Blog

Little writing luxuries

Writing itself is not a luxury, but there might be little luxuries alongside your writing,

It’s suddenly wintry here in south-eastern Australia, with temperatures hovering just above freezing where I live (Narrm/Melbourne) and I’ve been having lots of conversations with people about ‘desk gloves’, the gloves you own so your fingers don’t fall off while working inside at your computer. My silk/merino/possum desk gloves are one of my favourite things about winter, and it got me to thinking about all the tiny little writing luxuries that make the work of wrangling a manuscript just that little bit softer or warmer or more sparkling.

I am a massive fan of writing luxuries. Somehow the beautiful pencil or the diffuser scent or the ideal snack makes an outsized difference to how excited I am to sit at my keyboard. Maybe it’s a bourgeois trick, and maybe it’s self-care, and maybe it works for me and anything that works is worth exploring.

I love reading about other people’s little luxuries, for example New Yorker journalist Rachel Syme’s regular MADCAP ON A BUDGET group threads on Twitter.

I’d have a different list if it were summer, if I were teaching etc. so please see this list as less of a set of instructions and more of a set of extremely seasonally-specific and idiosyncratic inspirations for you to find your own joys.

As I’m writing the first draft of this post, the leaves are autumn and gold and blazing red, and falling from the trees and vines that cover my garden. The air carries the raw edge of snow as it blasts up from the Antarctic. It’s weeks away from the winter solstice. I am juggling deadlines for two books and three articles. Here’s what luxuries are making my writing life joyful.

Desk gloves. I have these fingerless mittens of possum down, silk and merino wool. They are so so soft, and mine are a beautiful dark moss green. They keep my wrists and knuckles warm, and if I fold back the trim, then I can type unimpeded even with my short fingers. Nothing keeps my fingers warm, but this gets me most of the way there.

Cashmere writing socks. During my PhD, I survived through multiple Cambridge (UK) winters with these thick, soft, warm cashmere bed socks. They lasted for over a decade, so when I decided they really had become more hole than sock, I requested a new pair as a present.

Leaf-tea in a mini-teapot with a porcelain cup and saucer. Today I am drinking Professor Clara’s Clarity Tea in a T2 tea cup, brewed in a Muji pot (not online). The cup must be fine bone china, which means they do break if I drop them, but then I just have to source another pretty cup!

Yogi Balm for temples and jaw. If I feel I’ve been squinting or my neck is getting tight, then I rub a tiny amount of this Yogi Balm on my temples, my jaw, between my brows, or the back of my neck. It smells beautiful, and it works. (Tiger Balm red ointment is a good back up). I could also list here my lip gloss (always a tiny Vaseline tin, and sometimes something else fancy, currently this ridiculous luxury gloss) and my hand cream (mostly Norwegian Formula for being moisturising but not too slimy on the keys).

Writing Room Scents. Sometimes I want something health-giving like eucalypt oil in the diffuser to keep my airways clear, and sometimes something that claims it will help me to think. I also love the scent of incense burning in another room, so I currently have Study of Trees smouldering next door.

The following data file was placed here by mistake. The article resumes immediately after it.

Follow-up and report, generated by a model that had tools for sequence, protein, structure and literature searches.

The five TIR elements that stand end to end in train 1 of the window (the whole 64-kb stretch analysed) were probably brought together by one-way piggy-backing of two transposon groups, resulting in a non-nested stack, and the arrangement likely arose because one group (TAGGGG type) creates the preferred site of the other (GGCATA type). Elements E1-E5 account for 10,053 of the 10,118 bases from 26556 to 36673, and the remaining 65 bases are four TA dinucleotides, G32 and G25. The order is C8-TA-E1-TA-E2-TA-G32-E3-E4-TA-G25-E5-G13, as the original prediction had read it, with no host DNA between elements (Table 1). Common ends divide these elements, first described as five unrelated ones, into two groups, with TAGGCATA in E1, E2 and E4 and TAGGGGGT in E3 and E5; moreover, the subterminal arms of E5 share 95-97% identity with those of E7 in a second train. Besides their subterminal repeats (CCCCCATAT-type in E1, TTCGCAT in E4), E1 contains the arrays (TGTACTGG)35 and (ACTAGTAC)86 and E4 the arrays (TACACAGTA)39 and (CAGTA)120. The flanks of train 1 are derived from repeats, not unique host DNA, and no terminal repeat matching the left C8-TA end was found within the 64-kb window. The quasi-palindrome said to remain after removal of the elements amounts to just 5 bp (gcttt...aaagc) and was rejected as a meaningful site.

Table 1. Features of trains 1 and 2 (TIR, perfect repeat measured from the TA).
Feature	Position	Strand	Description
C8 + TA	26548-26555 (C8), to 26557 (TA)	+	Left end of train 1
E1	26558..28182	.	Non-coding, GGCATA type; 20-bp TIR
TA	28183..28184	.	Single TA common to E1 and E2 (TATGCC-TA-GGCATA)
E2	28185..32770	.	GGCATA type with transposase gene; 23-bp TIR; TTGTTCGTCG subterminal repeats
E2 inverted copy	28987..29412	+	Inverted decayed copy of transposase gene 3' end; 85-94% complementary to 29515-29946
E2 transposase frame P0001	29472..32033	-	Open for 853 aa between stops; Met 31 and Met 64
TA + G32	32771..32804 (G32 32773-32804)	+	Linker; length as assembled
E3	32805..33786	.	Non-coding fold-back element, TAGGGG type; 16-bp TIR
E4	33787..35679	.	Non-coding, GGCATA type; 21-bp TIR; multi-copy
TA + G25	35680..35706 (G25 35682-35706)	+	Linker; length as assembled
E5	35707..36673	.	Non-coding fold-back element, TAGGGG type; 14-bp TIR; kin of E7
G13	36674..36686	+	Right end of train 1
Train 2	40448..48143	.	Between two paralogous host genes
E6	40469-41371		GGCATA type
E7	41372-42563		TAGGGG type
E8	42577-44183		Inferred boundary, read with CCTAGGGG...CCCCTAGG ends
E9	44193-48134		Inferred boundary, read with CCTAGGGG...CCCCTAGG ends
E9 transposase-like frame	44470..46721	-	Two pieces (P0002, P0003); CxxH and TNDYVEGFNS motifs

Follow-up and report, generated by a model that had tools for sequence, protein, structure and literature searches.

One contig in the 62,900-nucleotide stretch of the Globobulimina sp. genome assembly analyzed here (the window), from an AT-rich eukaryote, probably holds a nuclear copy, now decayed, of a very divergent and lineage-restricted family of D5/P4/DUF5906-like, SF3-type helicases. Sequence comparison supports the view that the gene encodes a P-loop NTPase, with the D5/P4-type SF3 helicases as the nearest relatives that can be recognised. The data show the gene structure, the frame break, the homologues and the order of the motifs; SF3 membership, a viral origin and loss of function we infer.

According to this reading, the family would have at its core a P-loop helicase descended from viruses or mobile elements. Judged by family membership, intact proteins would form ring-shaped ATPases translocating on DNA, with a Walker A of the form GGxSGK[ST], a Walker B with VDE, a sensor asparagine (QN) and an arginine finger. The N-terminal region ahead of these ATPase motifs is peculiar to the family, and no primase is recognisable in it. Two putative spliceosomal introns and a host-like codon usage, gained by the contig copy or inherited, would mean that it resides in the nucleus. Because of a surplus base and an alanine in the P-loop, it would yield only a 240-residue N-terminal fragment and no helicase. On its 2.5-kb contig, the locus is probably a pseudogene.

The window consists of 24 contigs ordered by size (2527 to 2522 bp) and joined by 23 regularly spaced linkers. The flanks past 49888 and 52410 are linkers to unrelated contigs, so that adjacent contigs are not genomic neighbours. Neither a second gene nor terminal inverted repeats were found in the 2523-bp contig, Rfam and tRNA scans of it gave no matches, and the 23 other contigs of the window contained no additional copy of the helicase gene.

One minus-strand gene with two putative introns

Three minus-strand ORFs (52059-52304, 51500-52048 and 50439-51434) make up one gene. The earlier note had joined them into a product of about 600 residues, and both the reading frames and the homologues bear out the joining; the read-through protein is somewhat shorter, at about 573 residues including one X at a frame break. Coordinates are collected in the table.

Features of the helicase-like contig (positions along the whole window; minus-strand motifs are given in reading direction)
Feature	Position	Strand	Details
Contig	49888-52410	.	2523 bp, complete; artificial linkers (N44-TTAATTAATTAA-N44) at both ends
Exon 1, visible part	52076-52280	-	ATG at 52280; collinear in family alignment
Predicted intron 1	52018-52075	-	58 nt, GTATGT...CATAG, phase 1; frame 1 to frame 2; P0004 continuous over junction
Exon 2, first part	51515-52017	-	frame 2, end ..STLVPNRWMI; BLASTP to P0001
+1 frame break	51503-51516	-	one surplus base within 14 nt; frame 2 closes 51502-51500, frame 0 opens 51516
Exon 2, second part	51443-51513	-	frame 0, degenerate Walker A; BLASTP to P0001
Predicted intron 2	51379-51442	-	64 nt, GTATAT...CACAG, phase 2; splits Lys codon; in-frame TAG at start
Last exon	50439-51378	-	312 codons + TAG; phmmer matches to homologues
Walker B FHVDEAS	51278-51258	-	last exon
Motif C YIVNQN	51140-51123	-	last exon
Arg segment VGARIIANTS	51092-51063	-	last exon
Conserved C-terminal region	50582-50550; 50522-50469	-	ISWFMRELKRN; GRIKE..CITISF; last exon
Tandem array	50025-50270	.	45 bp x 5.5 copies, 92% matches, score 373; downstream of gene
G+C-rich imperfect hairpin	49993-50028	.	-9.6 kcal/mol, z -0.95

Midori pencils. Midori graphite pencils (HB, B or 2B depending on the paper), the pack also has the best pencil sharpener. A small Pentel high polymer eraser. A yellow Lamy fountain pen, medium nib, with blue ink. Post-it paper page markers to mark passages in books I’ll want to go back to; or sturdier plasticised tabs for high-use pages.

A music playlist. I am currently listening to Harry’s House on repeat, to place this blog post even more firmly in its place and time. A carefully curated writing playlist is always essential, but I find I wear out the music pretty fast, so need to replace it at least quarterly.

Jellycat. A pet is the ultimate writing luxury. Something soft and warm and happy to see you and who interrupts your serious thinking with demands for headboops and trying to lick up your crumbs and playing with your stationary.

This hilariously bad picture was taken as I was trying to capture some of the things I’ve described in this blog post… note everything jiggled and my cat’s paw stealing the pencil sharpener…

What are your writing luxuries? I’d love to hear about them, over on @ResearchInsider

SHARE

Succeeding in a Research Higher Degree

Doing a Research Higher Degree (like a PhD) is hard, but lots of people have succeeded and you can too. It’s easier if you understand how it works, this blog gives you the insider view.

Contact

Related Posts

The story of my thesis

If you have ever been to one of my workshops in the last decade, you will probably have done this warm up. In fact, if you came to a multi-day writing retreat I ran, you would have done this at the beginning of each day. It is the most powerful, most flexible, simplest tool in my writing tool box.

Read More

How to unstick your reading list

As I was getting to the end of the recent book, I was buying books at my usual pace but not reading them (as that brainspace was completely taken up with reading my own draft or references for the draft).

Now the book is in and the summer has started, I felt excited to dive into all these books but I also felt stuck. I couldn’t get into gear, let alone find my groove.

So I rummaged around in my toolbox, and came up with this list of techniques. None of them are perfect, but little by little we are turning the dial back to reading.

Read More

Get the latest blog posts